# Enter a Constant Value in a Defined Name in Excel - Text, Numbers, Formulas, Etc.

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In Excel you can store values in Defined Names.  Often people use a Defined Name to refer to a cell on a worksheet but that is just one small use for Defined Names.

You can store text, numbers, formulas, and functions inside of a Defined Name all without referencing any cell in the worksheet or workbook.

This allows you to hard-code values into a Name that you can then use within your formulas and functions throughout Excel.

This is very easy to do - lets say that we want to store an interest rate in a Defined Name in Excel so we can use it in a calculation.

First, go to the Formulas tab > Define Name

Once you click that, a window will open that allows you to enter all of the required data for your new Name:

The name is what you will use to reference this Name and it should be simple and representative of the data that it will store.  You can only use text, numbers, and underscores for a name.

The scope allows you to limit a Names usability to a specific worksheet or the entire workbook but, usually, its best to keep this option as Workbook.

Comment is a section where you can write something that will explain what this Name should be used for or what data it is storing or referencing.  This comment will appear when you go to enter the name in the worksheet, as I will show you below.

The Refers to: section is the most important as this is where the data, text, numbers, functions, formulas, or cell references will be entered.  I will talk more about this section below as it can be a bit tricky.

Here is what this box looks like when I fill-in the interest rate information that I want to use:

Once you hit OK, you have then created a name that can be used in any formula or function in Excel.

## Storing Different Types of Data in a Defined Name in Excel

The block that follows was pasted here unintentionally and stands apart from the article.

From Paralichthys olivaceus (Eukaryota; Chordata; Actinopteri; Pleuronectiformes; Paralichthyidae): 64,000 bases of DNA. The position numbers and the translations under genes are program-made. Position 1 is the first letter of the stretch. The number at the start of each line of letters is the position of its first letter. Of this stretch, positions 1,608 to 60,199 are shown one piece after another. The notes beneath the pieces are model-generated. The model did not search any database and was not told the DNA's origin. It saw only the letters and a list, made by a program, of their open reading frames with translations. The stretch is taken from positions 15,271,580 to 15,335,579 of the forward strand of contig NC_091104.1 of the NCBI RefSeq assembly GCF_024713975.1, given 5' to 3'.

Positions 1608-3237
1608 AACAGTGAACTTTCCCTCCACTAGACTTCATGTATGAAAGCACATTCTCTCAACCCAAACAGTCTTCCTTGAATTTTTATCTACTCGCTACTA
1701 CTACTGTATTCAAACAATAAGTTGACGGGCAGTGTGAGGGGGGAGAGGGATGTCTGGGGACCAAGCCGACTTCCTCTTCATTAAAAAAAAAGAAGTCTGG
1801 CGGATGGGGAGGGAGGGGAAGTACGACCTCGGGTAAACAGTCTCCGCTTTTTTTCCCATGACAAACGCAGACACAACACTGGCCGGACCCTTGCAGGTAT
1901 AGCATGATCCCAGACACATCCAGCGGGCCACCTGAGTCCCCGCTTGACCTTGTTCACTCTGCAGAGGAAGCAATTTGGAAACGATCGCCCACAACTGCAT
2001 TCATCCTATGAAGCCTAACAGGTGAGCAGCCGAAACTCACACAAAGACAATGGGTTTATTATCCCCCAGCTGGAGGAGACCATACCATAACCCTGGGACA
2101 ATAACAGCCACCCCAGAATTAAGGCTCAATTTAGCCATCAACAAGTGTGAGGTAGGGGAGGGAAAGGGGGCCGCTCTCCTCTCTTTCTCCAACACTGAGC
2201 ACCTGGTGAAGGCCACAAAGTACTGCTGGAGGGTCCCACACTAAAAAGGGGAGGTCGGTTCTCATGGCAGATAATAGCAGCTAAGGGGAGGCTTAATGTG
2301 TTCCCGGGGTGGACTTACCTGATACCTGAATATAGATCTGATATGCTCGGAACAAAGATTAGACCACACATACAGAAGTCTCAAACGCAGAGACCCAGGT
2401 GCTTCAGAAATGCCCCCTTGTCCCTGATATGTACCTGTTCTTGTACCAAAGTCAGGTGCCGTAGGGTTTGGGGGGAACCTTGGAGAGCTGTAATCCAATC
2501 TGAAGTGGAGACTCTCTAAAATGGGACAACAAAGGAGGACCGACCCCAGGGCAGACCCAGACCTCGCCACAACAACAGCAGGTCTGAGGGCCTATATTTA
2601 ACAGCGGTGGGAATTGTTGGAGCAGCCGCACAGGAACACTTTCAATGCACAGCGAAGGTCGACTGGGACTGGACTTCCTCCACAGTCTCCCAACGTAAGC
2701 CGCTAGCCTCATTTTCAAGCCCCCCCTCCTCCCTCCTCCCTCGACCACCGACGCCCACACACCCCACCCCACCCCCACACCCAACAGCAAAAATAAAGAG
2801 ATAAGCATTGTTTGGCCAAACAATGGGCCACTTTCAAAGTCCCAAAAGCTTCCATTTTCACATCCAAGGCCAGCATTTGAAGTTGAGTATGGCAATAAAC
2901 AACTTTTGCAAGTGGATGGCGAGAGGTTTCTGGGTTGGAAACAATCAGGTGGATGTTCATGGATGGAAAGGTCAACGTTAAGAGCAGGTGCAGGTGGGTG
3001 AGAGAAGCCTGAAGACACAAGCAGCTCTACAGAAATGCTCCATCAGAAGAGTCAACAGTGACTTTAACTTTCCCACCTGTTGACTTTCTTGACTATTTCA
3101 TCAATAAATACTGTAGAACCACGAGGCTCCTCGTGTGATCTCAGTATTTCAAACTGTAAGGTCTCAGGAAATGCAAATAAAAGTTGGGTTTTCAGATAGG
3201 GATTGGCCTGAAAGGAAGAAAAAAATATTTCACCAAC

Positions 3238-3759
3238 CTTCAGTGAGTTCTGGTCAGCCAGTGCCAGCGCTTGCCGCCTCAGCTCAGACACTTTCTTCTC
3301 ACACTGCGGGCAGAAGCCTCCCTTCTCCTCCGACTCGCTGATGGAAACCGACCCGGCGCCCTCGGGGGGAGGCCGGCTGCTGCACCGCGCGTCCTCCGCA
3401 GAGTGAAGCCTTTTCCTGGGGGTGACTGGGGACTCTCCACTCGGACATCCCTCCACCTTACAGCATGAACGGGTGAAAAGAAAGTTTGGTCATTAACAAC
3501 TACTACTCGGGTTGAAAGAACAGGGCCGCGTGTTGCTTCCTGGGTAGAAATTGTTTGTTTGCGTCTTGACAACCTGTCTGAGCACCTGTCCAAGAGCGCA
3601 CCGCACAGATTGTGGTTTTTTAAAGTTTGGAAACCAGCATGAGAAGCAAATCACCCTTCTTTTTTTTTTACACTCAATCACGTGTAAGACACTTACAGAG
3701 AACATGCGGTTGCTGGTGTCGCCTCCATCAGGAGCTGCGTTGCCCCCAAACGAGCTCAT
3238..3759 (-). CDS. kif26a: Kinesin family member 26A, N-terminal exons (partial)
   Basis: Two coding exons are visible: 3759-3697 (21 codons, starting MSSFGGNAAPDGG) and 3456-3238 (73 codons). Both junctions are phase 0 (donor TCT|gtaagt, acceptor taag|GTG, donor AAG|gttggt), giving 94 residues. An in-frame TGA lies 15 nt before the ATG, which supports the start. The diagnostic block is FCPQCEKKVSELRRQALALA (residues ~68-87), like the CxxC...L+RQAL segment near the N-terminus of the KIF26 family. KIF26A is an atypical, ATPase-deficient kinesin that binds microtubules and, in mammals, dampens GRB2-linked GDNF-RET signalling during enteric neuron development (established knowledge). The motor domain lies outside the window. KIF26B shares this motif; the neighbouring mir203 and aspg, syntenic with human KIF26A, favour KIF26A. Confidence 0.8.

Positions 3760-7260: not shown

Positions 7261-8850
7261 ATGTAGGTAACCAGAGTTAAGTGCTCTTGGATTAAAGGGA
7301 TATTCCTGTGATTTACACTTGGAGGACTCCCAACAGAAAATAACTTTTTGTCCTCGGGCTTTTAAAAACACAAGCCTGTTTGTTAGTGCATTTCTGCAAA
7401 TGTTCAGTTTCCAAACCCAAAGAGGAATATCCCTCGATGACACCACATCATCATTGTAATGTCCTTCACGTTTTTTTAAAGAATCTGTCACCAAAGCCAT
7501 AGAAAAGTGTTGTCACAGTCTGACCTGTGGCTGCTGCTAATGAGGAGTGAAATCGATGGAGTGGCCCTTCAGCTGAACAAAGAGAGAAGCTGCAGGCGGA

Now, lets talk about the Refers to: section.

By default, this will have a cell reference of whichever cell is selected in the worksheet, like this:

And that is how you should reference a cell, using Absolute Cell References (note the dollar signs), for a Defined Name.

Now, if you want to input text in the Defined Name, you need to surround it with quotation marks in the Refers to section like this:

If you store numbers you do not need quotation marks, as shown in one of the examples above where I input an interest rate, which is just a decimal number.

If you want to store a formula or function, you input it in the Refers to section just like you would in a cell in Excel:

That is all there is to storing constant values and hard-coded values, numbers, text, etc. in a Defined name in Excel.

Here is an example of using the interest_rate name in a function:

Notice in the FV function the first argument is interest_rate which is what we named the interest rate when we created that Defined Name.

Also note that when you go to enter a Defined Name, it will appear in the drop-down menu that shows in Excel along with the comment that you entered when you created the Name:

The comment text only appears when you select the name from the drop down so, if you have many potential choices, the comments for each one dont appear until individually highlighted.

As you can see, Defined Names are quite versatile and co do a lot more than just reference a boring old cell in Excel.  These feature is very useful when creating large and complex spreadsheets.

Note: If you click the Name Manager button on the formulas tab, you will be able to see all of the names in that are in the spreadsheet and you can then edit, delete, or add them from there.

I hope this was a helpful tutorial!

Make sure to download the accompanying Excel spreadsheet so that you can follow along and better understand how to use Names in Excel.